The two-film theory is not always applicable to heterogeneous processes and, for example, in gas—solid reactions, only the gas film is considered. [Pg.38]

According to the two-film theory, it is appropriate to consider the transport of volatile components between the water phase and the air phase in two steps from the bulk water phase to the interface and from the interface to the air, or vice versa. The driving force for the transfer of mass per unit surface area from the water phase to the interface and from the interface to the air phase is determined from the difference between the actual molar fractions, xA and yA, and the corresponding equilibrium values, xA and yA [Pg.74]

When the film theory is applicable to each phase (the two-film theory), the process is steady state throughout and the interface composition does not then vary with time. For this case the two film coefficients can readily be combined. Because material does not accumulate at the interface, the mass transfer rate on each side of the phase boundary will be the same and for two phases it follows that [Pg.619]

The transport process, according to the two-film theory, of a volatile component across the air-water interface is depicted in Figure 4.3. The figure illustrates a concept that concentration gradients in both phases exist and that the total resistance for mass transfer is the sum of the resistance in each phase. [Pg.74]

To develop the rate equation, let us draw on the two-film theory, and let us use the following nomenclature [Pg.501]

The preceding analysis of the process of absorption is based on the two-film theory of Whitman 11. It is supposed that the two films have negligible capacity, but offer all the resistance to mass transfer. Any turbulence disappears at the interface or free surface, and the flow is thus considered to be laminar and parallel to the surface. [Pg.659]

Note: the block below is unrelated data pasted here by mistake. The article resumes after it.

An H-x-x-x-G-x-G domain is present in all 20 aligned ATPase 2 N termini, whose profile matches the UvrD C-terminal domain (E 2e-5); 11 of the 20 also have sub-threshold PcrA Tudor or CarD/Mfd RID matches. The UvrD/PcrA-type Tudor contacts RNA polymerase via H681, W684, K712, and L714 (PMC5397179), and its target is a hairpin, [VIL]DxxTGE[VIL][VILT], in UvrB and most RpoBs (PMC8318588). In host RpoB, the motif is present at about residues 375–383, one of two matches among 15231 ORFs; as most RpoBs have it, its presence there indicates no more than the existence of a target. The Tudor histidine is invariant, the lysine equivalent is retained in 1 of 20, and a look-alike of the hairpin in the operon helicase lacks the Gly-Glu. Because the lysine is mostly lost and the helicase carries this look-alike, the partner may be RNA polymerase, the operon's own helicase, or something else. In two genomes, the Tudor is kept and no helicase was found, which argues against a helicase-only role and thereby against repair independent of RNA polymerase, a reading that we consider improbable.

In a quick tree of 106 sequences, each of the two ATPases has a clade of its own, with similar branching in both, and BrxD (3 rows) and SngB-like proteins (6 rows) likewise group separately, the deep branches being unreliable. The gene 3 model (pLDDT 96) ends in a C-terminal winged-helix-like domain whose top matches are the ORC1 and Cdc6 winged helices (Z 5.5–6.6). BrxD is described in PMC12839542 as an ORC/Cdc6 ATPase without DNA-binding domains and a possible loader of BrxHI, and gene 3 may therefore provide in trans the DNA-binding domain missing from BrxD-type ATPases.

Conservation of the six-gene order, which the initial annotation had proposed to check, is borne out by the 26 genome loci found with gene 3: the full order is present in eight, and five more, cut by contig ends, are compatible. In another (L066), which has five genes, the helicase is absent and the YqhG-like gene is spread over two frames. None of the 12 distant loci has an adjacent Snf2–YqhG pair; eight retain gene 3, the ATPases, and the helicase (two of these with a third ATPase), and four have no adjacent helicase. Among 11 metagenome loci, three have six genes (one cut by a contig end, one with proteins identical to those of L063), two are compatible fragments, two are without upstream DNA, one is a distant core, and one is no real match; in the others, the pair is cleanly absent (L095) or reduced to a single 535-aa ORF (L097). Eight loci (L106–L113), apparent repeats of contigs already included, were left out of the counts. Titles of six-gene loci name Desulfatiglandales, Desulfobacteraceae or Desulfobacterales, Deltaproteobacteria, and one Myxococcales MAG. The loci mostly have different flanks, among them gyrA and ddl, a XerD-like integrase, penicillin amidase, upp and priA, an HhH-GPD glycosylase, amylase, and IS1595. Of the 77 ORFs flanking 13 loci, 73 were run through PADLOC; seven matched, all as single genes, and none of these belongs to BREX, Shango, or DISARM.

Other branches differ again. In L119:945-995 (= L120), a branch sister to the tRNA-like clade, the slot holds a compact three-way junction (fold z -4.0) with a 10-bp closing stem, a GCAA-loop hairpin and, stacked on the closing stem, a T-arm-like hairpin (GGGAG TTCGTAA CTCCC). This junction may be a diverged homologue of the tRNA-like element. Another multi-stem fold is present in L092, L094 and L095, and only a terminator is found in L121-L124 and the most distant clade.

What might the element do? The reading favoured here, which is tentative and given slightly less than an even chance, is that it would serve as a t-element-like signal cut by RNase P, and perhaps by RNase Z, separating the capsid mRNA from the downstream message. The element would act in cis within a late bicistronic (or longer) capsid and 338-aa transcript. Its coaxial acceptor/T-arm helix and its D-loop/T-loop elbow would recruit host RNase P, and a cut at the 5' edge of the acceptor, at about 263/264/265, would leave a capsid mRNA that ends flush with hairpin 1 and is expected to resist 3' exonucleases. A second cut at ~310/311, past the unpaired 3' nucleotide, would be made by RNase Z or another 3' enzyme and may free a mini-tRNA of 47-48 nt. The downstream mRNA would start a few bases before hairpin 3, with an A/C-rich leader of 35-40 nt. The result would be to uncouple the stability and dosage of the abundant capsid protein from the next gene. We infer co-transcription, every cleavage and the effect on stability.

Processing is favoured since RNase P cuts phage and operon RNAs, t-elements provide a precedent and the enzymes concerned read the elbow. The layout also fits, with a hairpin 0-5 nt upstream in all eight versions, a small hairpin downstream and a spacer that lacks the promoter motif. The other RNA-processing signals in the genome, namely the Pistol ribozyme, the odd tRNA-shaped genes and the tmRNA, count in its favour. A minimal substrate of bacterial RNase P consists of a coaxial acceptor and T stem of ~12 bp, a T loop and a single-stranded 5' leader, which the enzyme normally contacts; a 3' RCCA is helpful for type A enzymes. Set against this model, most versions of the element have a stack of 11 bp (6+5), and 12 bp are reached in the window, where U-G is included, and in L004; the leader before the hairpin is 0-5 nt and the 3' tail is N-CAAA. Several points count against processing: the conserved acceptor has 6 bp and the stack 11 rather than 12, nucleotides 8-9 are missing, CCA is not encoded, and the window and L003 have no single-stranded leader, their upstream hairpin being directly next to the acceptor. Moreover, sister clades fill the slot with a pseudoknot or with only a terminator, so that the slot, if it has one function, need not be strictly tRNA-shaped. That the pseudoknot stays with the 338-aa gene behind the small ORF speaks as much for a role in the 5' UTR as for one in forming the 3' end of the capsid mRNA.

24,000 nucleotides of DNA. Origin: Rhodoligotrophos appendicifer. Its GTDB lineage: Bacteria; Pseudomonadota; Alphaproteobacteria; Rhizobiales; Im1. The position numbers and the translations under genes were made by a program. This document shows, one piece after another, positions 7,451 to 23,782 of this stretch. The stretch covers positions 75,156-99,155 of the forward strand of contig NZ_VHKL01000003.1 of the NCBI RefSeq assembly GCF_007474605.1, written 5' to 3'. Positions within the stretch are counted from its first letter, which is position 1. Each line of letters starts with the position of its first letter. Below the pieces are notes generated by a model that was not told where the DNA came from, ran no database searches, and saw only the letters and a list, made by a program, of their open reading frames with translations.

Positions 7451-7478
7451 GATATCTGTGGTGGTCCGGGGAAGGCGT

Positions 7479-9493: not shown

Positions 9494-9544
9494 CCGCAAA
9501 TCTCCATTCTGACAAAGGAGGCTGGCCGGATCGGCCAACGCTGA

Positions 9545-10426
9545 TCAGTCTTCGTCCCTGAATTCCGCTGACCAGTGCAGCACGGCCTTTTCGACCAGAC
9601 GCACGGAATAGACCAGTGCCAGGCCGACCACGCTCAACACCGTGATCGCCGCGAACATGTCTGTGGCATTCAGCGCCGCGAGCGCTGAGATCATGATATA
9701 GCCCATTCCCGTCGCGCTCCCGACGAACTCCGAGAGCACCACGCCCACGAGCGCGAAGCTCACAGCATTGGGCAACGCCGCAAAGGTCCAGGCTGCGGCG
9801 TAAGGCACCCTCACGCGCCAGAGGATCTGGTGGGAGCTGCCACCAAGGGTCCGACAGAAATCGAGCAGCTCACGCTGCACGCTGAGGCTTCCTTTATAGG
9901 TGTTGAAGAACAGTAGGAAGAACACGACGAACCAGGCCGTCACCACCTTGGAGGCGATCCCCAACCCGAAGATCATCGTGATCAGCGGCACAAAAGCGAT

Figure 1.29. Concentration gradients according to the Two-Film theory. |

Figure 23.5 Concentration of reactants as visualized by the two-film theory for an infinitely fast irreversible reactions of any order, A + bB - products. Case A high Cg (see Eq. 17). |

Figure 23.1 Setting up the rate equation for straight mass transfer based on the two film theory. |

The approach taken is semi-empirical. Point efficiencies are estimated making use of the two-film theory , and the Murphree efficiency estimated allowing for the degree of mixing likely to be obtained on real plates. [Pg.553]

Because of the difficulties in determining x, the thickness of the film between the two vapor pressures, an overall transfer coefficient is introduced. Based on the two film theory, the overall transfer coefficient is used. In the case of water evaporation, the gas film is the controlling mechanism and the resulting equation is [Pg.1359]

This chapter will first provide some basics on ozone mass transfer, including theoretical background on the (two-) film theory of gas absorption and the definition of over-all mass transfer coefficients KLa (Section B 3.1) as well as an overview of the main parameters of influence (Section B 3.2). Empirical correction factors for mass transfer coefficients will also be presented in Section B 3.2. These basics will be followed by a description of the common methods for the determination of ozone mass transfer coefficients (Section B 3.3) including practical advice for the performance of the appropriate experiments. Emphasis is laid on the design of the experiments so that true mass transfer coefficients are obtained. [Pg.81]